• Anatomy of the nervous system (through animals)

Abnormality during the Middle Ages (500 to 1500AD)

• Superstitions

 • No attempt to understand the causes of MDs

• Madness was dealt by the church through exorcism &/or other rituals

 • Cristian missionaries used exorcisms and the healing of the possessed as a proof of the power of the word of Christ over the enemies (Schull, 2015)

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Summary of lecture

• It is very difficult to have a universal definition of normal/abnormal behaviour; this varies depending on the contexts

 In clinical psychology abnormal behaviour is related to suffering, ‘maladaptiveness’, violation of standards & irrationality

• The history of madness can help us to understand the current view on abnormal behaviour

• Only in the last few decades MH policy across Europe outlined the need for community based multidisciplinary mental health services where users play an active role

• Still, the policy hasn’t been fully implemented… 

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Historical view on madness

Demonology, Gods and Magic

Chinese, Egyptians, Hebrews and Greeks considered ‘mad people’ as possessed by demons à they behaved in ‘abnormal way’ against their religion and believes

• E.g. Hebrews: mental disorders (MDs) àGod’s punishment à God abandoned the individual à Individuals had not control/ saying over her/his own situation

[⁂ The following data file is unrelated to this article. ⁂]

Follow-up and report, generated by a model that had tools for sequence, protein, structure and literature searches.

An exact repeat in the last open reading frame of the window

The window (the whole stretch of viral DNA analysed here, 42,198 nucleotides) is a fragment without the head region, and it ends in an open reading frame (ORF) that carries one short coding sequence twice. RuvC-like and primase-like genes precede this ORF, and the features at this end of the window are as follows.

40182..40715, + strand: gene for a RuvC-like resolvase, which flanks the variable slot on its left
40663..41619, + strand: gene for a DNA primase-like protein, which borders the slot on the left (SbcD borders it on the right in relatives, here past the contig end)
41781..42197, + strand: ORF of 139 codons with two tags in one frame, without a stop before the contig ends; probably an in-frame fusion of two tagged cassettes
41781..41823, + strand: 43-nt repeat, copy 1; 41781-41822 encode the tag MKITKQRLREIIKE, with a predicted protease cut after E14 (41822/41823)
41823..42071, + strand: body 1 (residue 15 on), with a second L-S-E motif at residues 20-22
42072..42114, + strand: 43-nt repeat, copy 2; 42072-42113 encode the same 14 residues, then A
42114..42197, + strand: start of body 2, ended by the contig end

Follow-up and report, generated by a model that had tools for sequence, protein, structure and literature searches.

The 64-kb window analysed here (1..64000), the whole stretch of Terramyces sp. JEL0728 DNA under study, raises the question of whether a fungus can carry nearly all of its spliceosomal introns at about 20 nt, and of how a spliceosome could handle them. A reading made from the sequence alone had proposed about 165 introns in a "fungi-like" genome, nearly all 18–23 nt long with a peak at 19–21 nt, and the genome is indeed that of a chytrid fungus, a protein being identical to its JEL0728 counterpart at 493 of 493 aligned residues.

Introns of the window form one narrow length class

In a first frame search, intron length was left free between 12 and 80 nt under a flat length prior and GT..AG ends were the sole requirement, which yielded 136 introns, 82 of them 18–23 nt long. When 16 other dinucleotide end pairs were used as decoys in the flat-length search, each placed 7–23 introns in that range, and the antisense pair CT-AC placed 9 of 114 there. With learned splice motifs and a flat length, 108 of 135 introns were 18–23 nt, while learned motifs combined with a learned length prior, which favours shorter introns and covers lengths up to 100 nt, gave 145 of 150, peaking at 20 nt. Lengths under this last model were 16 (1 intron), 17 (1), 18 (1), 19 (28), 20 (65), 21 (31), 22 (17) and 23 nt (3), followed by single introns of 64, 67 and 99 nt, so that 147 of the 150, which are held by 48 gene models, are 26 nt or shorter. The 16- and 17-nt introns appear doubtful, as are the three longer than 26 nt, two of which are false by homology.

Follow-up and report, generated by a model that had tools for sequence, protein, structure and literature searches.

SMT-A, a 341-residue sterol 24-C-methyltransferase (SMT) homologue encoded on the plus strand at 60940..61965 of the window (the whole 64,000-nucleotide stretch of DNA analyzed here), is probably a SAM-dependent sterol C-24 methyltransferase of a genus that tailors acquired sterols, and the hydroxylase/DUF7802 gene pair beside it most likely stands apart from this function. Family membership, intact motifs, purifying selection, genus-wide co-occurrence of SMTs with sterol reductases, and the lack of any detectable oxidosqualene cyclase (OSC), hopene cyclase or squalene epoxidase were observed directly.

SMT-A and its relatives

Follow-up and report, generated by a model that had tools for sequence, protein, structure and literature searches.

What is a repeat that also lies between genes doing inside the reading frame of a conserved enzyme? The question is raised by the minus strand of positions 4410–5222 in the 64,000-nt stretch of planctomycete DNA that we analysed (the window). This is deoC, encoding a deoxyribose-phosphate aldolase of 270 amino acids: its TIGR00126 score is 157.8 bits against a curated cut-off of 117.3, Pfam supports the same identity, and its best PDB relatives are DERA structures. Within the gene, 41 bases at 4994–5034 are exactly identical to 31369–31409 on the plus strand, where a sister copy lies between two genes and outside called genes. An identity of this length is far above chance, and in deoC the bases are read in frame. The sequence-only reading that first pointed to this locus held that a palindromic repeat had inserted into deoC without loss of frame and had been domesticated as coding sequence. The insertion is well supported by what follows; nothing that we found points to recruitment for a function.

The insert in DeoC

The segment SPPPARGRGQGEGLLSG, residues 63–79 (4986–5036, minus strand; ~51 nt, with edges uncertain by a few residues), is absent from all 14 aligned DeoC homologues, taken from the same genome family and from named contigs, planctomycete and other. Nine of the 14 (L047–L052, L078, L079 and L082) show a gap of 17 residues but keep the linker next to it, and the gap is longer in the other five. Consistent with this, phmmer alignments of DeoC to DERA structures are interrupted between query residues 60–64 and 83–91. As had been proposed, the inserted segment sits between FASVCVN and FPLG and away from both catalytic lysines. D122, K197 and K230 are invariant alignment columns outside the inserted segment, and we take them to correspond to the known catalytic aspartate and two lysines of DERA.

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Elements of abnormality - criteria of normality

Suffering: even if in some cases this is denied (e.g. manic behaviour) Maladaptiveness: behaviours that interfere with the individual’s ability to function (bi-polar) Unpredictable loss of control: (i.e., without ‘rational’ reasons) Violation of standards  Irrationality: e.g. delusions Criteria of normality Efficient self-perception - a realistic awareness of our own capabilities, motivations, emotions & feelings Appropriate perception of the reality- not misperceiving what others say or do Realistic self-esteem and acceptance Self-direction & productivity  Sensitivity and ability to recognize the feeling of others as necessary prerequisite to sustain a balanced relationship

People with mental disorders will not be able to fulfil some of these tasks – therefore are not seen as normal but instead are known as abnormal 

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Definitions of abnormality

If it doesn’t fit in the average – statistical abnormal

All generations have different ideas about what is normal – chronological

Different cultures have different norms and social conventions – social 

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Western perspective

It is important to know about the history of madness because norms and social conventions change regularly – and also in order to challenge something it is good to know the background

If normal against the minority /this is difficult when it comes to assessing normal health as different cultures have different conventionsthe majority do it then it is 


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How is a stigma constructed?

1 - a distinggushable label is applied to a group

2 - The label has negative attributes

3 - People with this label are seen as different

4 - people with the label are discriminated against by others